Six-year-old Ross hangs on the back of his chair, looking forlorn, as the other children write stories. Although his mind abounds with ideas, Ross is having difficulty creating a bridge between the ideas in his head and the blank piece of paper in front of him.
When asked to share what he is thinking, his eyes light up. Ross picks up a blue marbleized paper. “I think I found something,” he says, bringing the paper just inches away from his face. “A thing with two eyes and a mouth.” After staring into the goading face of his discovered creature, Ross grins, “I know what my story is called: Do You Know What an Animal Is?”
He elaborates: “I'm gonna try to find all kinds of strange things to be animals. The animals that do exist and don't exist. I want to say that the strange animals are the real ones.” As Ross shares his ideas, he casually picks a plastic wrap print he created and begins cutting around a second discovered creature. “It's a Frost Cacklelor,” explains Ross. “He's ferocious. He doesn't like being disturbed while he's making his ice. He spits out ice from his mouth after he swishes water inside his mouth. Inside his mouth is very, very cold.”
“And here's a Paint Plucker [pointing to a splatter painting]. It's a kind of animal artist. It uses its tail to form the paint into pictures. Sometimes it paints on animals to camouflage them, and it can turn itself into different colors by squirting paint all over itself.”
Ross continues, “At the end, I'm gonna have the Paint Plucker camouflage all the strange animals so no one can see them.” His eyes twinkle. “People will only see regular animals!” Looking up from the page with a big grin, he boasts, “I have a big imagination. I can even change real people to look like all kinds of things.”
An Invitation to Write
Ross's imaginative approach to story-making is typical of many children engaged in Image-Making Within the Writing Process. In operation for six years, the program has been in the National Diffusion Network for three years. This arts-based literacy program integrates children's visual imagery at every stage of the writing process from the earliest prewriting/idea formulating stage through rehearsal, drafting, revision, and preparation for publication. By being introduced to a variety of simple art materials and methods from the very start, young author/illustrators have access to visual and kinesthetic, as well as verbal, modes of thinking. For verbal thinkers, this approach can serve to extend their thinking and their writing. For children, like Ross, who have diverse learning styles, it provides an enticing alternative pathway into writing. Six-year-old Kevin describes his own image-making experience:
While I was doing the pictures first, words just started to grow, and I got more ideas to write and I just writ and writ and writ until it was a finished book....
But Image-Making Within the Writing Process is not just for children in the primary grades. To date, it has inspired budding author/illustrators in both elementary and middle schools. Language Arts teacher Margaret Belowski, who has seen all 110 of her 7th graders soar with this creative process, explains:
One of the things that impresses me the most is that every child, even those without artistic ability, can shine with this process. Image-Making enriches both the children who have a hard time with writing and the children who are already writers.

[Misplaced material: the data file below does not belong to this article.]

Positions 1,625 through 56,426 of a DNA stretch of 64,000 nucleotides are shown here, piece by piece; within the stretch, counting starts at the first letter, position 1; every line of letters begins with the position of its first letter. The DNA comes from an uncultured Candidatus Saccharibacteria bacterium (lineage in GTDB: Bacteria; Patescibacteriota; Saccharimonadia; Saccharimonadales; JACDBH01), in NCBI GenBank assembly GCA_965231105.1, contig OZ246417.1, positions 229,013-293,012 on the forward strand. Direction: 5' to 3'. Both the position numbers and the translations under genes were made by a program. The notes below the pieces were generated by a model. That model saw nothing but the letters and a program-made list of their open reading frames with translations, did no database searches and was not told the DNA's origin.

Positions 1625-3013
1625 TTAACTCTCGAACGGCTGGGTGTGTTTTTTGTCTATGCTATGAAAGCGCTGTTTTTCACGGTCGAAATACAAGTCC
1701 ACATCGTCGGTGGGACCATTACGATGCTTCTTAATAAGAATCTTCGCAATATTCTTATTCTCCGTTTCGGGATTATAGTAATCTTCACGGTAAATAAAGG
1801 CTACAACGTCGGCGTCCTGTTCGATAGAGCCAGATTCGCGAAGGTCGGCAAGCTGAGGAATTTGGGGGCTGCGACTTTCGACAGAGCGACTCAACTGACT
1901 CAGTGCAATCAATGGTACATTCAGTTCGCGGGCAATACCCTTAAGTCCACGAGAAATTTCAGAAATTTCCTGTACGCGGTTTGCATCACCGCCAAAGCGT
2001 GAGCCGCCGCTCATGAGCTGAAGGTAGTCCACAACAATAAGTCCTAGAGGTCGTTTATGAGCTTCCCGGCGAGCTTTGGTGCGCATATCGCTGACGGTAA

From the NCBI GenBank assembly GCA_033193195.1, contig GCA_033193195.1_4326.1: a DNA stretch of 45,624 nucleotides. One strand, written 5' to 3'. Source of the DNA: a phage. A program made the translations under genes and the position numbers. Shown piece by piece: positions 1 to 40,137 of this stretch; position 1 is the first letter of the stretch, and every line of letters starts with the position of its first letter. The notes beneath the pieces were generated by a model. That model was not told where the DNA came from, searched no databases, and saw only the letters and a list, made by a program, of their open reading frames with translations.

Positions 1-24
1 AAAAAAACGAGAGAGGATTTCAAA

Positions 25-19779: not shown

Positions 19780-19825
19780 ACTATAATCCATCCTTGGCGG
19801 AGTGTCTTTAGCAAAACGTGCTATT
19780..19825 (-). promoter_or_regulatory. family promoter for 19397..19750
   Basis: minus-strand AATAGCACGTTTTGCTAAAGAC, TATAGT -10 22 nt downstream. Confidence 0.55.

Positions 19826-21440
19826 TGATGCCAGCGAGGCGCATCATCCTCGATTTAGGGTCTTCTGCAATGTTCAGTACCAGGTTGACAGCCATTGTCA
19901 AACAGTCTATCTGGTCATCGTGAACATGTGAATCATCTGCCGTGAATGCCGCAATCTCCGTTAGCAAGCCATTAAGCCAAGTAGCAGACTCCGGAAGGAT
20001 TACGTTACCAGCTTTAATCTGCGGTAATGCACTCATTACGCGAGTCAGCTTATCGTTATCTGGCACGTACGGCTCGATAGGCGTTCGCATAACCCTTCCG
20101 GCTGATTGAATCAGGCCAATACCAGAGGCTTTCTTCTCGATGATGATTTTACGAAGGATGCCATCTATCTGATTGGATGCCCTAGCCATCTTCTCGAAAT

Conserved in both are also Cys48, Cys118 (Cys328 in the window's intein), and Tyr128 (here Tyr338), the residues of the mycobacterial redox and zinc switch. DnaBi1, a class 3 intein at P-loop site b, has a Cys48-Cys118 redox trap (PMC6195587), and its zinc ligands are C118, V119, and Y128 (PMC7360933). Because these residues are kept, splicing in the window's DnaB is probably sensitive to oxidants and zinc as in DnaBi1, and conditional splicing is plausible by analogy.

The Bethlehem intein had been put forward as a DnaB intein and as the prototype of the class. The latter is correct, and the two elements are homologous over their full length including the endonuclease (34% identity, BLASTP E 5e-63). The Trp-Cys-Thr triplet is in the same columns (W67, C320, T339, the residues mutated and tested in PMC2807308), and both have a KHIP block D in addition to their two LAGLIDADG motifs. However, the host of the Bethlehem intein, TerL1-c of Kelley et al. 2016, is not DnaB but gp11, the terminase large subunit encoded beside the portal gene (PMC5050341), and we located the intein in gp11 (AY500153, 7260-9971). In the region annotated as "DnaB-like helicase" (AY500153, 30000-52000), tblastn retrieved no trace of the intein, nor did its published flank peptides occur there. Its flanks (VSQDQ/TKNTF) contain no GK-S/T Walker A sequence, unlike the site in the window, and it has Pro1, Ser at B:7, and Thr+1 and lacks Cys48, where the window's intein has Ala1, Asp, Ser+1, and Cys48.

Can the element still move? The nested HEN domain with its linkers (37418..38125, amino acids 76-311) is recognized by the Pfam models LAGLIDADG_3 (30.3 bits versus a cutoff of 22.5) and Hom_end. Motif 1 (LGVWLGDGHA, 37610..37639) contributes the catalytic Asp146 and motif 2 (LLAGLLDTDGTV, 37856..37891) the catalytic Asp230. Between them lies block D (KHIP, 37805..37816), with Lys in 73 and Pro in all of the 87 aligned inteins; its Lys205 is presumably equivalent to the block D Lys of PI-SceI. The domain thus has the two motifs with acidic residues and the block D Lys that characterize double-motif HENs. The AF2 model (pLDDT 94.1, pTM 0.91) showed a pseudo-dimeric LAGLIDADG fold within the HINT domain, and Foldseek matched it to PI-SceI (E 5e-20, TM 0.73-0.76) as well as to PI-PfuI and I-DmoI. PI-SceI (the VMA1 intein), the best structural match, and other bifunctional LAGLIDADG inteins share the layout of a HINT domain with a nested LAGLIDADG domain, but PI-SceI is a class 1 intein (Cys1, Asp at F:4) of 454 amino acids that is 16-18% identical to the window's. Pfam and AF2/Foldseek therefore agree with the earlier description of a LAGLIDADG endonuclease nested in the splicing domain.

I think the children really astonished themselves by what they created. And it's not just the children ... everyone who sees these books takes a breath, amazed at how beautiful they are.
An outgrowth of process writing, Image-Making gives children the task of creating beautiful picture books. Working together as a community of professionals, they study the work of other author/illustrators, use real art materials, and create stories according to their own unique creative processes.
Because this program equally values verbal and visual modes of expression, and recognizes diverse learning styles, youngsters are purposely not directed toward either writing first or making pictures first. When left to their own devices, children will naturally enter the story-making process from a position of strength. Hannah, a 3rd grader and second-year student of Image-Making is very clear about her own choices:
I always do my pictures first because then I can get looks at my pictures to help me with my describing words. If I wrote my words first, I wouldn't be able to see my describing words in my pictures.
Inspired by Images
Inspired by the colorful collage images of Eric Carle, Leo Lionni, and Ezra Jack Keats, Image-Making Within the Writing Process first asks each child to create a personal portfolio of hand-painted, textured papers. Engaged in free exploration with a variety of art materials and techniques, children are easily stimulated by color, texture, and movement. It is not uncommon for children to spontaneously “see things” in their textured papers while in the throes of creating bubble prints or marbleized designs.
When 7-year-old Christopher spots a great winged dragon floating on top of his marbleizing solution, he has the wherewithal to quickly drop his paper flat onto the tray, thus capturing his discovered creature. At the splatter station next to him, Meagan is reminded of fireworks in the “exploding” splatters that suddenly filled her page. Both these initial sparks of ideas find their way into a story later in each child's story-making process.
If spontaneous images do not arise for children during the actual making of textured papers, this process of free association is reinforced later, once the portfolios of textured papers have been completed. The classroom teacher holds up a textured paper and, in Rorschachian fashion, asks, “What does this remind you of?” As children practice “reading” their textured papers, discovered creatures and settings become the inspiration for imaginative story ideas. This process of “image-finding” is central to the prewriting/idea-gathering stage of the program. As each stage of the writing process is redefined to include a strong visual component, children are given important tools for accessing visual and kinesthetic modes of thinking.
Redefining the Stages of Writing
While prewriting activities center around image-finding, the rehearsal stage involves “image-weaving.” This activity comes quite naturally to most children: the weaving together of discovered images to create a story line. Like Ross, children often spontaneously begin to weave a story from the threads of ideas discovered within their own textured papers. The story lines that result are equal only to their wildest dreams.